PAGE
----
Amy Price, Captain of the Ladies Tour to Sri Lanka gave us some more insight to the tour – please see below for the text of Amy’s speech. Amy’s enthusiasm for the game doesn’t really come out in the text below. She has managed to do all of this while completing her dissertation for her degree – no mean feat! We know that Amy has a bright future in cricket and Herts County Cricket must be very proud of her.
We asked the Team Members who were at the celebration for their “best bits” and they said “bonding as a Team”, “the standard of cricket”, “the tea”, “playing on international pitches”.
The tour was obviously a resounding success because they are planning a tour to South Africa in 2020 – watch this space!
All of this has made us realise how worthwhile it has been for us to support the tour, women and girls’ cricket in Hertfordshire and how proud we are that this is Audrey’s legacy.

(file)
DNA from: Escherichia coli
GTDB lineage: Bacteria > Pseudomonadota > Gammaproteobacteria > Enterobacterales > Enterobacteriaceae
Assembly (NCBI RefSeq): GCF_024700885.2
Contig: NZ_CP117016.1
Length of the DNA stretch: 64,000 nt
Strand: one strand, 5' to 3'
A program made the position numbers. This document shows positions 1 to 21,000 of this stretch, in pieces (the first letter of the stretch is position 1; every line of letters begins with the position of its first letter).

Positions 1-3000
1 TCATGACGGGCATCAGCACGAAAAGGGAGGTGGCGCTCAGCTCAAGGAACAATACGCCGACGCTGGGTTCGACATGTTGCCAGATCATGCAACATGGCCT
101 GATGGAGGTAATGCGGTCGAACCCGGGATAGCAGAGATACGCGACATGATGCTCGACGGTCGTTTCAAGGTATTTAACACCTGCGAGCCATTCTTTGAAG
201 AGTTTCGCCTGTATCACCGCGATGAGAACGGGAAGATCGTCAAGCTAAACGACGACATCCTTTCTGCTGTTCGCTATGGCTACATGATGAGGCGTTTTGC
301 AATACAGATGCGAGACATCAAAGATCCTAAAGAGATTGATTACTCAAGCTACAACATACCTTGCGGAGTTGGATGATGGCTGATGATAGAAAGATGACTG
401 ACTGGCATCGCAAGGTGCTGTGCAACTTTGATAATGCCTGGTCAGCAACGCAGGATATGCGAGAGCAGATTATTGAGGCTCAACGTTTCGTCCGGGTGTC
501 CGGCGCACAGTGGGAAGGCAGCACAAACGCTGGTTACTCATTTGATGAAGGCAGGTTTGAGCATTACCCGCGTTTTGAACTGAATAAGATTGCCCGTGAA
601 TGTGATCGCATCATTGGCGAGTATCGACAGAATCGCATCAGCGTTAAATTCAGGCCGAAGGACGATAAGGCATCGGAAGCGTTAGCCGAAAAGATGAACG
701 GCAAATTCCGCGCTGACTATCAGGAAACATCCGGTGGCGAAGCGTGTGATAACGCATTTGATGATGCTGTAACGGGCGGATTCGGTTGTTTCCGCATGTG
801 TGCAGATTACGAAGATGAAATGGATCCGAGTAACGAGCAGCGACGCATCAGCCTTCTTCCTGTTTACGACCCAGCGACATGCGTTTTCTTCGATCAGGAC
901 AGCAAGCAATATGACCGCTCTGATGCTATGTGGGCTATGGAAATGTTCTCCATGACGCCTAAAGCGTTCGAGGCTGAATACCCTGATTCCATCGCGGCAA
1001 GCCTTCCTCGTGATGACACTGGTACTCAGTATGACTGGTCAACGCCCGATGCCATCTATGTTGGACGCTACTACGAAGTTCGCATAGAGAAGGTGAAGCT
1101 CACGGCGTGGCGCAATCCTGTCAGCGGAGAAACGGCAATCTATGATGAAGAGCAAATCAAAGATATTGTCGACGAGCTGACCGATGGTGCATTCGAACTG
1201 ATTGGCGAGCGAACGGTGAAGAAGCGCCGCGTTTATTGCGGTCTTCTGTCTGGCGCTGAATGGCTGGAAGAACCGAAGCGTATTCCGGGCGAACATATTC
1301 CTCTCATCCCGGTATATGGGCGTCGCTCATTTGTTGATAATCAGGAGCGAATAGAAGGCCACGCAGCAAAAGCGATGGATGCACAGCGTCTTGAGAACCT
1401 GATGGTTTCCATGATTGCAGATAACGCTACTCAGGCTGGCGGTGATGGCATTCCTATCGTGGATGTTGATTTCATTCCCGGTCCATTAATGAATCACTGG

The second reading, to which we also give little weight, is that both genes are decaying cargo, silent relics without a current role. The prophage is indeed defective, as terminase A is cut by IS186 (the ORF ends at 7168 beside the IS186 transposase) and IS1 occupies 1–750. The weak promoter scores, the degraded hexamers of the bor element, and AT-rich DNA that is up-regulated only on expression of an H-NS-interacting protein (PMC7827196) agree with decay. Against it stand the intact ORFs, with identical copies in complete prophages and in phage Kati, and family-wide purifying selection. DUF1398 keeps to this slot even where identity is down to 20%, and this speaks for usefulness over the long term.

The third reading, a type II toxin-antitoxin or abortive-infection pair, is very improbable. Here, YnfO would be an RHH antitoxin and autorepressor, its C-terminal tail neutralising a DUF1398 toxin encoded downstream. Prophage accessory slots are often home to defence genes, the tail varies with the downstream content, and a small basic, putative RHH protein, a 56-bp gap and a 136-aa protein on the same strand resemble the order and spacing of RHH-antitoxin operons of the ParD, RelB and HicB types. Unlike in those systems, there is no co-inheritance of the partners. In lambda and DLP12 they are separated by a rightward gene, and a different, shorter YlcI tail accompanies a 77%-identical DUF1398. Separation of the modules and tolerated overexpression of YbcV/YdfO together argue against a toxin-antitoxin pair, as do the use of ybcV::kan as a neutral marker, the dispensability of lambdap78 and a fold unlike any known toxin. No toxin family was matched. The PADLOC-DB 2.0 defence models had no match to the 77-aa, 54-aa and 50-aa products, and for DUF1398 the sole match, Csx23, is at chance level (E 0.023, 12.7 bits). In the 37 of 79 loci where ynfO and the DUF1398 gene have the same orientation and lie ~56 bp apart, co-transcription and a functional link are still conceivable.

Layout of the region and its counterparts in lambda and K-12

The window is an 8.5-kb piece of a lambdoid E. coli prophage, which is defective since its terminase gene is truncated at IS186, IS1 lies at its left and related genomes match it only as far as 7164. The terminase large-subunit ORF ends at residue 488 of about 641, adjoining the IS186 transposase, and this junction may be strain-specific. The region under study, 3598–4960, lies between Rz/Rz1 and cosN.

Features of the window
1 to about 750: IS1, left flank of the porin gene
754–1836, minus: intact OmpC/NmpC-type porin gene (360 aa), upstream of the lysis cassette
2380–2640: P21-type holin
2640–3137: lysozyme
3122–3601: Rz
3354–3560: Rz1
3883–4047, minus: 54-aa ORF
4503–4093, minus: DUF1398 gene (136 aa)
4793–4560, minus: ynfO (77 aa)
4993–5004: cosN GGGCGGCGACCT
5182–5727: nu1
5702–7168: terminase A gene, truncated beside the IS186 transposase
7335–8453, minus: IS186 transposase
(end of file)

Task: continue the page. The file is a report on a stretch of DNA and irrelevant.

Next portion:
After all of this we had a proper celebration with cakes, snacks, nibbles and soft drinks with time for Soroptimists and cricketers to catch up properly (and take a photo – see above!).
On the night we also had a collection for the Hope Foundation Cricket World Cup for Street Children. Details can be found on www.streetchildunited.org/our-sports-events/street-child-cricket-world-cup-2019/ – It says “Watch the Street Child Cricket World Cup Finals from the stands at Lord’s on 7 May. The Hope Foundation are supporting a team from North India – see here: www.streetchildunited.org/team/india-north/ The collection raised a brilliant £76.33, which the Club has topped up to £100 and sent off to the Hope Foundation.
Memories of Audrey Collins OBE by Rebecca Kelly, Coach Boxmoor CC 8 April 2019
When thinking of Audrey, there are key words that best describe her personality and what she brought to girls and women’s cricket.